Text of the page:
Violinist Laura Targett steps out of the shadows and into the limelight when she launches her brand new CD featuring songs she has written, played and sung. Seven spoke with Laura about her emergence from fiddle player to singer, revealing a unique and evocative voice.
Congratulations on getting three songs selected in the finals of Music Oz awards. When do you learn of the outcome?
It’s been really affirming that the songs got into the finals! I didn’t win an award this time. I entered them as a kind of dare to myself – if they got anywhere, I’d follow this thing through. Got my answer, with three songs in the finals!
I am a little confused about the difference between fiddle and violin. Which is it you play – and what is it about the essence of that instrument that is so evocative for you?
The instrument itself is the same; the difference is in how you play it. Classical musicians would call it a violin, whereas folk musicians call it a fiddle. There are grey areas of course! I’ve been playing for so many years, the violin feels like an extension of myself, another voice really to express all the things that can be hard to put into words. I remember this first when I was a kid and my mum had cancer – I struggled to communicate what I was going through with words, but found it much easier to let it all out with music. Finding my singing voice has followed on from finding my voice with the violin.
How has your classical training informed the musician who you are today?
My early classical training was something I sometimes struggled with at the time, but in retrospect it gave me a solid grounding, good technique and some invaluable skills in composing and understanding the structure of harmonies.
Have you always sung? How is it stepping up to the microphone as a singer?
It’s always been easy for me to play the violin in front of an audience (actually it’s a bit of a social prop that helps me deal with shyness!) and I’ve been performing as a violinist (or fiddler) for years, since I was a teenager. But to step up and sing to an audience is new for me, is somehow more revealing, and can feel quite exposed. But getting comfortable with that vulnerable feeling is part of the process. And is also a running theme in this debut album, Fragile. I’m sure all the years of playing and studying traditional fiddle styles from around the world has affected the way I sing – and having spent years using my violin to express myself, some of those musical inflections translate over into my voice for sure.
Tell me a little about the songs you have written that are on your new album.
I wrote my first ever song about four years ago coming through some stormy times after going through depression, relationship break-up and personal crisis. I began to use this new-found private therapy practice to process life in the early hours when the kids were asleep… as you do! I played my song sketches to a few friends and had such overwhelming encouragement to ‘do something’ with them – people seemed to relate quite empathically with the way I wrote about my experiences. So the idea of recording an album was born, with the co-producing skills of wonderful producer, Avishai Barnatan, helping shape it into something magical. It evolved into a far bigger, farther-reaching project than the personal milestone I’d initially envisioned with some truly amazing artists and engineers coming on board.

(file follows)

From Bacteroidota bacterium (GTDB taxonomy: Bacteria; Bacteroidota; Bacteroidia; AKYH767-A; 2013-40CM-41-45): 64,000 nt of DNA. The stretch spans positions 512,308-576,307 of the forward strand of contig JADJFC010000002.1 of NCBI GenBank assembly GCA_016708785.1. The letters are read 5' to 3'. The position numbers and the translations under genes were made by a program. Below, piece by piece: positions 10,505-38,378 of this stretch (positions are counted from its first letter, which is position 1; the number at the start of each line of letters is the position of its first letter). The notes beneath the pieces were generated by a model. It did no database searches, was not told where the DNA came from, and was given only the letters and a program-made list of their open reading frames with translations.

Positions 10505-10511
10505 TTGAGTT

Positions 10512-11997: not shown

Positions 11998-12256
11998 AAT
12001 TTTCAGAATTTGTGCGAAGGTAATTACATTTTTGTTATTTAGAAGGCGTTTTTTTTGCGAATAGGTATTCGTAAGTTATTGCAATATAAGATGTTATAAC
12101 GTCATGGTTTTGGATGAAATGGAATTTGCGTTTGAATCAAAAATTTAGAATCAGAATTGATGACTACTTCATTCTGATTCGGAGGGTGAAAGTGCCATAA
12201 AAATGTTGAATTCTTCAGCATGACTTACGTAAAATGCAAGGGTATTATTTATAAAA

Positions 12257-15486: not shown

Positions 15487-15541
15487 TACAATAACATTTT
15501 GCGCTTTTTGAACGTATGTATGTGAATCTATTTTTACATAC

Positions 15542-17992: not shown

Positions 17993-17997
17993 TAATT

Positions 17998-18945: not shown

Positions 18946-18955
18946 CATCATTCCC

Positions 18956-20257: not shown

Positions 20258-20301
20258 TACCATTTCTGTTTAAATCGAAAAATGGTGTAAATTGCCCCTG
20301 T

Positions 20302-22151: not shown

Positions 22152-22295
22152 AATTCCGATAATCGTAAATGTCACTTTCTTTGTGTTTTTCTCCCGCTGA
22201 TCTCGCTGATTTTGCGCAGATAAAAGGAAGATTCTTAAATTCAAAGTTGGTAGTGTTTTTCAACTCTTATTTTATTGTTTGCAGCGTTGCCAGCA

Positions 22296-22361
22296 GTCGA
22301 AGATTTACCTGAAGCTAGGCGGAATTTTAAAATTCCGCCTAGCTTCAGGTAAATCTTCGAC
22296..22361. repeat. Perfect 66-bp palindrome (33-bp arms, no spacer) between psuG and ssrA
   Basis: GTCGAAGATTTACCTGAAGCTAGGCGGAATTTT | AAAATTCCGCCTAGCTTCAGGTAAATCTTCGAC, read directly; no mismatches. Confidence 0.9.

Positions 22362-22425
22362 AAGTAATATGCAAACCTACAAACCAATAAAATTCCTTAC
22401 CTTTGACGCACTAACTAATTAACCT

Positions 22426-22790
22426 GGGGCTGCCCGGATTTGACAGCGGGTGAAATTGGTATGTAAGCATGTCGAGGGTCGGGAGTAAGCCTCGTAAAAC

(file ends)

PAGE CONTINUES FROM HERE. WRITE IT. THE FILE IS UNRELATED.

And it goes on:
What is the song that you are proudest of?
Really depends what mood I’m in! They all represent different aspects of my experience of life, from love, to crisis, to hope, to shadows, to vulnerability. I try to write as directly as I can – one friend called the songs ‘intimate, direct and poetic’ and that sounds good to me!… They’re all very human really.
Who are the musicians that you most enjoy playing with – how do they change or influence the way you play?
I’ve played with so many incredible musicians from around the world over the years; all of them have shaped or influenced my playing. The best way to study music in my books is get out there and play! Playing with musicians better than myself is one of my favourite things to do – the chance to be inspired and see where I can develop as an artist is a neverending, always rewarding process. I’m really looking forward to playing with some of my favourite musicians in the area at the CD launch on Friday – Thierry Fossemalle on bass, Oles Krolikowsky and Alex Mcleod on guitars, Cye Wood and Dominic Rado on violins (love playing with other violinists!), Jamie Patugalan on drums, Parissa Bouas on harmony vocals and probably a special guest or two!
What should we expect for your debut launch?
A musically intimate, heartfelt, magical concert featuring world-class musicians, human honesty and quirky songwriting! A personal glimpse into one woman’s soul. A one-off special event!
Friday at the Byron Community Centre at 7pm. $25/ $20 concession or launch special $35 with limited-edition CD.
Find this and many other great gigs in Echonetdaily’s North Coast Gig Guide.